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“Breast milk production is controlled by a different hormone than the release of it," Bridget said. "If they believe that they aren't producing milk due the stress around them, they will stop breastfeeding and the milk supply will dry up." 

Moms feeling safe and comfortable helps with breastfeeding. Photo by Lori Dorman, used with permission.

To that end, Jamie is trying to build facilities where refugee moms can breastfeed in comfort and privacy while getting the support and care they need. 

3. In a stressful environment like a refugee camp, there can be additional physical and emotional benefits for breastfeeding mothers and their children.

"In America, breast versus bottle is just another battle in the 'mommy wars,'" she said. "But this isn't some silly debate topic. For refugee babies, breast milk can mean the difference between life or death."

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As tumultuous as life can be for a refugee mom, it's also quite stressful for their babies — but breastfeeding helps fight the everyday trauma.  

Other than nutrition, babies benefit emotionally from breastfeeding. Photo by Jade Beall Photography 2015, used with permission.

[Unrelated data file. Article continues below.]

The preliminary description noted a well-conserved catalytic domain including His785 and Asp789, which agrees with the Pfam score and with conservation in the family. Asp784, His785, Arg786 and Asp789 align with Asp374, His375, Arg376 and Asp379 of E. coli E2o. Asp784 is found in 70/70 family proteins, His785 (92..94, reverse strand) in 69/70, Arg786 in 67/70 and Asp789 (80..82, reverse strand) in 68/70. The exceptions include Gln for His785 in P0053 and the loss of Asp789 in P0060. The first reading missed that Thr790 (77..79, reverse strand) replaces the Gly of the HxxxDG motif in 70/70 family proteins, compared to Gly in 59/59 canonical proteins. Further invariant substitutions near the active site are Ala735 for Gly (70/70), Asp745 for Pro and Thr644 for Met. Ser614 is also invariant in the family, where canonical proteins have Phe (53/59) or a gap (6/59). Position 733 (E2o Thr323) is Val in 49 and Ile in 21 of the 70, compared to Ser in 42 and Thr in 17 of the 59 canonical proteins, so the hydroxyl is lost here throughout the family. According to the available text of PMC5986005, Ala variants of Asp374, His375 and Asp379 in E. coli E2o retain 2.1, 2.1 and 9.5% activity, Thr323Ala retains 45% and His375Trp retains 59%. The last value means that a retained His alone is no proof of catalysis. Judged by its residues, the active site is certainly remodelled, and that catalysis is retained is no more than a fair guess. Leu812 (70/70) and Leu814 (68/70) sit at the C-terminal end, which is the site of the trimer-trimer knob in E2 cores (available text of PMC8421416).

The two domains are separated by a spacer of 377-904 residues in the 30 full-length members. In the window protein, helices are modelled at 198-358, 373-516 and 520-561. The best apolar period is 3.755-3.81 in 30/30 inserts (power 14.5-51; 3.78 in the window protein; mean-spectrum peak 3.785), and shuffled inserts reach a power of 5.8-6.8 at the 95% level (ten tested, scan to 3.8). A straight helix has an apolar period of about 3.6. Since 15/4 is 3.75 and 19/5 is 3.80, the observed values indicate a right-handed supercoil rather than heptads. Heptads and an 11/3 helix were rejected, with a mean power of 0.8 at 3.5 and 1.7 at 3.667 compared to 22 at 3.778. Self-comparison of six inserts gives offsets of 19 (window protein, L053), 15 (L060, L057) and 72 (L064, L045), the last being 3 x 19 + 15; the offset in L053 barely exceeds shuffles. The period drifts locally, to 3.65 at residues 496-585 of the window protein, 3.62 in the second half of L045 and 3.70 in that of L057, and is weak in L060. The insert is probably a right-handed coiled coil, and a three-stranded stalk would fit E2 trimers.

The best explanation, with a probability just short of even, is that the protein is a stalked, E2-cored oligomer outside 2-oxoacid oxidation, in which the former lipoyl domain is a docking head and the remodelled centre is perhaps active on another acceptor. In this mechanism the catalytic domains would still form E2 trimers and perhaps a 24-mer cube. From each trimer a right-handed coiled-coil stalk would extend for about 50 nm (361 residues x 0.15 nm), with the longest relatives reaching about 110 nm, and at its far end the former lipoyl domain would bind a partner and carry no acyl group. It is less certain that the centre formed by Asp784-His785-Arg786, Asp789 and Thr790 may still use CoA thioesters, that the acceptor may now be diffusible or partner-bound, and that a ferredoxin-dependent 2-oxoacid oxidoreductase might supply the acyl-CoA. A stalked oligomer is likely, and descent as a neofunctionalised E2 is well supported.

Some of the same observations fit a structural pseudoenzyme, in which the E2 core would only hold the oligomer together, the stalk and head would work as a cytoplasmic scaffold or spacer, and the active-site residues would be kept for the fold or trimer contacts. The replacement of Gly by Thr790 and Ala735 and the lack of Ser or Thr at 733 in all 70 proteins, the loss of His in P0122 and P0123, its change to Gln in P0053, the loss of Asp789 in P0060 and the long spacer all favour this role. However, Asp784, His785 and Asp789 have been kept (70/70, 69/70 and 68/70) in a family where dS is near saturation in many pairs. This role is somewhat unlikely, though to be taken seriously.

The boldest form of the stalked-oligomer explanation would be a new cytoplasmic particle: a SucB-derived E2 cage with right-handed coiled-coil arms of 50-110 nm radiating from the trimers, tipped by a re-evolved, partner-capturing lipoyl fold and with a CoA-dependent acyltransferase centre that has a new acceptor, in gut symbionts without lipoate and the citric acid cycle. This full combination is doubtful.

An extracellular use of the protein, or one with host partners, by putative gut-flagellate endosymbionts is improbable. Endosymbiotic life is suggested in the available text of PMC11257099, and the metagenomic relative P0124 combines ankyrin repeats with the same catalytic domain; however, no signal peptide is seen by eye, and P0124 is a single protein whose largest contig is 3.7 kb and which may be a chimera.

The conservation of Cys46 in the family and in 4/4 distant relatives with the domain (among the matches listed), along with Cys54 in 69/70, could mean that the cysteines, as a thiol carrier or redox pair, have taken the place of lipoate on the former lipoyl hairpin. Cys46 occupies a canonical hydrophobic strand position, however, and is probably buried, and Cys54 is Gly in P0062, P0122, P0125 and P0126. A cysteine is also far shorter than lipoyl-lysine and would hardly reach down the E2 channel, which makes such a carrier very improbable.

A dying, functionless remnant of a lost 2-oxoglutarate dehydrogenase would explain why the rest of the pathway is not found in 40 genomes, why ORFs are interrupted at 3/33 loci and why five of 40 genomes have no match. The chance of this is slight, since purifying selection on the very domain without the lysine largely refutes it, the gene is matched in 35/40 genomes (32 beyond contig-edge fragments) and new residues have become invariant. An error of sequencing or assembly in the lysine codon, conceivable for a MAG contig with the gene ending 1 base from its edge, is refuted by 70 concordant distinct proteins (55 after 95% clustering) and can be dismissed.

"Having the mother's body as a home base as a place of comfort, nourishment, and safety helps infants cope with the stress around them," Jamie said. 

It's so easy to focus on what's going on in our own lives. Thanks to people like Jamie, Bridget, and others for showing us that there's a lot more we should be paying attention to.

It's time to pay better attention to the world around us. Photo by Jade Beall Photography 2015, used with permission.

Images courtesy of John Scully, Walden University, Ingrid Scully
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In celebration of the power of science we spoke to three people: an individual, a medical provider, and a vaccine scientist about how vaccines have impacted them throughout their lives. Here are their answers:

John Scully, 79, resident of Florida

Photo courtesy of John Scully

When John Scully was born, America was in the midst of an epidemic: tens of thousands of children in the United States were falling ill with paralytic poliomyelitis — otherwise known as polio, a disease that attacks the central nervous system and often leaves its victims partially or fully paralyzed.

"As kids, we were all afraid of getting polio," he says, "because if you got polio, you could end up in the dreaded iron lung and we were all terrified of those." Iron lungs were respirators that enclosed most of a person's body; people with severe cases often would end up in these respirators as they fought for their lives.

John remembers going to see matinee showings of cowboy movies on Saturdays and, before the movie, shorts would run. "Usually they showed the news," he says, "but I just remember seeing this one clip warning us about polio and it just showed all these kids in iron lungs." If kids survived the iron lung, they'd often come back to school on crutches, in leg braces, or in wheelchairs.